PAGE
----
I will be the first to admit that this was a shameless case of judging a book by its cover. I mean, look at it! It first came to my attention as a contender for the 2018 SPFBO cover contest, so when the book went on sale for Kindle, I knew I had to pick it up.

The Plot

Facing genocide at the hands of the bloodthirsty Winden, the Farrow people seek refuge in Celest, capitol city of the Gol. The Gol are historically isolationist, but many among them take sympathy on the Farrow’s plight. Others, however, would prefer to be rid of the Farrow interlopers, by any means necessary.

Recovering-pyromaniac Kay is a mixed-race half-Farrow, half Gol who works in Celest as a finder of lost children. When she receives a mission to search for a missing Farrow child, she finds herself unexpectedly at the center of the refugee crisis, swept into both Farrow and Gol politics, and forced to confront a past she’d rather forget.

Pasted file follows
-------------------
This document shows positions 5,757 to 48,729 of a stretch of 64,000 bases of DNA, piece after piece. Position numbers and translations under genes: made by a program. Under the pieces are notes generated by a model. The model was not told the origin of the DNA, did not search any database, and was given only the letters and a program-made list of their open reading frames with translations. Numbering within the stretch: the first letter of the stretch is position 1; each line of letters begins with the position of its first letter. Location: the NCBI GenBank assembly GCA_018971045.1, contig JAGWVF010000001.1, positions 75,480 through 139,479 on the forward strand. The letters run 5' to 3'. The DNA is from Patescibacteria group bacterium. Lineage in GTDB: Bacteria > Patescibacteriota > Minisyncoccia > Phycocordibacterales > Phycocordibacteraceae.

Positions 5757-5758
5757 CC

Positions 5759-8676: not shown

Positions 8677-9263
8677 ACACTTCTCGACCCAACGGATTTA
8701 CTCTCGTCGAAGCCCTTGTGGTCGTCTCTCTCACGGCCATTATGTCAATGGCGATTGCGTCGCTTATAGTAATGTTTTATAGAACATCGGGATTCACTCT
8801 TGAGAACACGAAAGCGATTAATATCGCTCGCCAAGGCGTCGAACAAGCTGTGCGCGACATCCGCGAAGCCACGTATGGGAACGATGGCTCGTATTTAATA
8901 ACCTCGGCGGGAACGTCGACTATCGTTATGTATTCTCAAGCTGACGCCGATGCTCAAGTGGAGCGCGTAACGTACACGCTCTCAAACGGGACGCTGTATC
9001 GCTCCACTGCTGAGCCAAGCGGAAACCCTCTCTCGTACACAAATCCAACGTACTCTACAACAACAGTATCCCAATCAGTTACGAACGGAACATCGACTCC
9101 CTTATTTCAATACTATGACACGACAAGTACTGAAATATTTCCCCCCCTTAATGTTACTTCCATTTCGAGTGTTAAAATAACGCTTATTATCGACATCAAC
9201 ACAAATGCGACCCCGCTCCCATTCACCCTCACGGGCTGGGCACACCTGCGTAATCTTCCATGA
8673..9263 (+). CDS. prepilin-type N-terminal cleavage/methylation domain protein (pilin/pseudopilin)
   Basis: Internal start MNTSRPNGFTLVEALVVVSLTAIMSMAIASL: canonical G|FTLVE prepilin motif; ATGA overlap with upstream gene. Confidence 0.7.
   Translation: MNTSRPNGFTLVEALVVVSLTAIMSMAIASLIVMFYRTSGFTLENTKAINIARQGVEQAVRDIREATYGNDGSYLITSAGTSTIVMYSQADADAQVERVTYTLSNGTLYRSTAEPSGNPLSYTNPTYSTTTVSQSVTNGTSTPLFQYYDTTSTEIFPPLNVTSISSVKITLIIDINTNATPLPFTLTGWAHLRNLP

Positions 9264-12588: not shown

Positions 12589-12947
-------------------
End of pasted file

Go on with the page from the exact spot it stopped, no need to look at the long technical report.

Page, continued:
This book reads partially like a police procedural, and partially like a political thriller. Short and fast paced, Gately wastes no time sweeping us along into the action.

The plight of refugees is one that is unfortunately all too familiar in the news today. Since the protagonist deals especially with finding refugee children, the situation became all the more poignant. I think the political situation in this story is where the writing really shone the most. Gately did a great job painting the cultures of Farrow and Gol. The good and bad people of both, and the ways the two cultures clash and come together.

Despite the current cultural relevance, Gately does all this without at any time feeling ham-fisted or preachy. The situation fits organically into the setting and feels universally human. The only possible exception — and it might be a coincidence — is the character Banden Milo, the vehemently racist rabble-rousing pundit, who bears a strikingly similar name to two similar characters in the real world.